With the exception of dogs, Native people in the Great Lakes region had no domesticated animals, so they depended on their own power for transportation.

Walking was the most common way of moving, and personal possessions were limited largely to what the people could carry themselves.

Toboggans and Sleds

For winter transportation, Great Lakes Indians used toboggans. The toboggan was fashioned of two hardwood boards held together by cleats and turned up at the front end. Toboggans were narrow, usually only a foot wide, and ordinarily measured seven to 10 feet in length. They were pulled by means of a strap across the man's chest or by three dogs, which were harnessed in single file in front of the toboggan which allowed the people to navigate through narrow forest paths.

After contact with Euroamericans, Native people adopted the use of sleds for winter transportation. The sled was constructed of two strips of ash bent into a U shape and held to this form by struts. The lower half served as runners and the upper portion was joined by cross pieces, which created a platform. Some sleds had runners as separate pieces. Sleds made it easier to haul firewood and household burdens, and were particularly valuable in the maple sugar camps to transport the heavy buckets of maple sap.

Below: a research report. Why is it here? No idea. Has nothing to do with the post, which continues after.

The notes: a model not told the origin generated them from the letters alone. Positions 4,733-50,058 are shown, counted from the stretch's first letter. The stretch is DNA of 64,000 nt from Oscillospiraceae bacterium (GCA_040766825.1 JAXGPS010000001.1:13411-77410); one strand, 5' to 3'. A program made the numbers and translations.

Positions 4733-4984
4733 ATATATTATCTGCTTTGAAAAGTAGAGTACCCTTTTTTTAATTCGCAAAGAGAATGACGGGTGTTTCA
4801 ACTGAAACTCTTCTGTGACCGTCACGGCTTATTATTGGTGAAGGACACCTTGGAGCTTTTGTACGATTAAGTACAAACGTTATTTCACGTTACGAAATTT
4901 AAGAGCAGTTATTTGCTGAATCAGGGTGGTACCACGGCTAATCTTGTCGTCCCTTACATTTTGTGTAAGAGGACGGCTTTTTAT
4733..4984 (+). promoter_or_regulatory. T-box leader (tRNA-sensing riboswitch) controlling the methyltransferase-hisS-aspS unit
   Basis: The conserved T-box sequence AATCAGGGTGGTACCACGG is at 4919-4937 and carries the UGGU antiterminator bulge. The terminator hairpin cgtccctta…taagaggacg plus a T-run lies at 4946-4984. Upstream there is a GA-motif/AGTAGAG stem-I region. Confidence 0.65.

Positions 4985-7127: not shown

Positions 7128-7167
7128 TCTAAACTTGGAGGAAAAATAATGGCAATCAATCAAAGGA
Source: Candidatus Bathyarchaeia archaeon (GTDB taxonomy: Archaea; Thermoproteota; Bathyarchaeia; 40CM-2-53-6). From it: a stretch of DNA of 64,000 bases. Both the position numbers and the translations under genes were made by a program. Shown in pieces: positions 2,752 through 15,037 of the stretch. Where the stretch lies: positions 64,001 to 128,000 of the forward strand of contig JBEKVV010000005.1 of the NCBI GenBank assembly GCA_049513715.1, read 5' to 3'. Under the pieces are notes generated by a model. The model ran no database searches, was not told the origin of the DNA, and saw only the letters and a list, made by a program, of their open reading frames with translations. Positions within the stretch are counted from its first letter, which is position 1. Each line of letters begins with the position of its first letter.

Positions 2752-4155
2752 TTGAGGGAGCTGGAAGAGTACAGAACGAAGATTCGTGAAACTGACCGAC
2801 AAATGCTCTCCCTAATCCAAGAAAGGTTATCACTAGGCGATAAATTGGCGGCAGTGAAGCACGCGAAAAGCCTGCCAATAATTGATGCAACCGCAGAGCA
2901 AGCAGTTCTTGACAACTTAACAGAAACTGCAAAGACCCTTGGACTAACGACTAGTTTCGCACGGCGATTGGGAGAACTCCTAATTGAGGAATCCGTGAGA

Snowshoes were invented by the North American Indian, originating either among the Woodland Indians or in the Canadian Subarctic area. They were indispensable to men on long winter hunts in deep snow. The most common type of snowshoe consisted of a strip of green ash that had been bent, either over a fire or in hot water, to form a rounded front end. The ends were tied together at the rear. The Menominee called this type "catfish" because of its shape. Ordinarily, two crossbars were added for strength, and open sections were filled in with rawhide thongs, woven hexagonally with a needle made of either wood or bone. A strip of leather across the wearer's instep held the snowshoe on his foot, and another strip was placed loosely around his heel. The Ho-Chunk style of "catfish" snowshoe was characterized by the "handle," the frame strip at the rear that, instead of being bound together all the way to the end, was left unbound about six inches from the end. A second type was similar to these, except for an up-curving front end. A double-pointed variety was made of two ash strips bound together at both ends. Because men used snowshoes mainly for hunting, women’s use of snowshoes was less common, and in some cases, snowshoes for women were made more quickly since they did not have to last through years of rough wear. Women favored a smaller, oval-shaped snowshoe style called the "bear paw" with a basswood-bark netting over a frame of branches.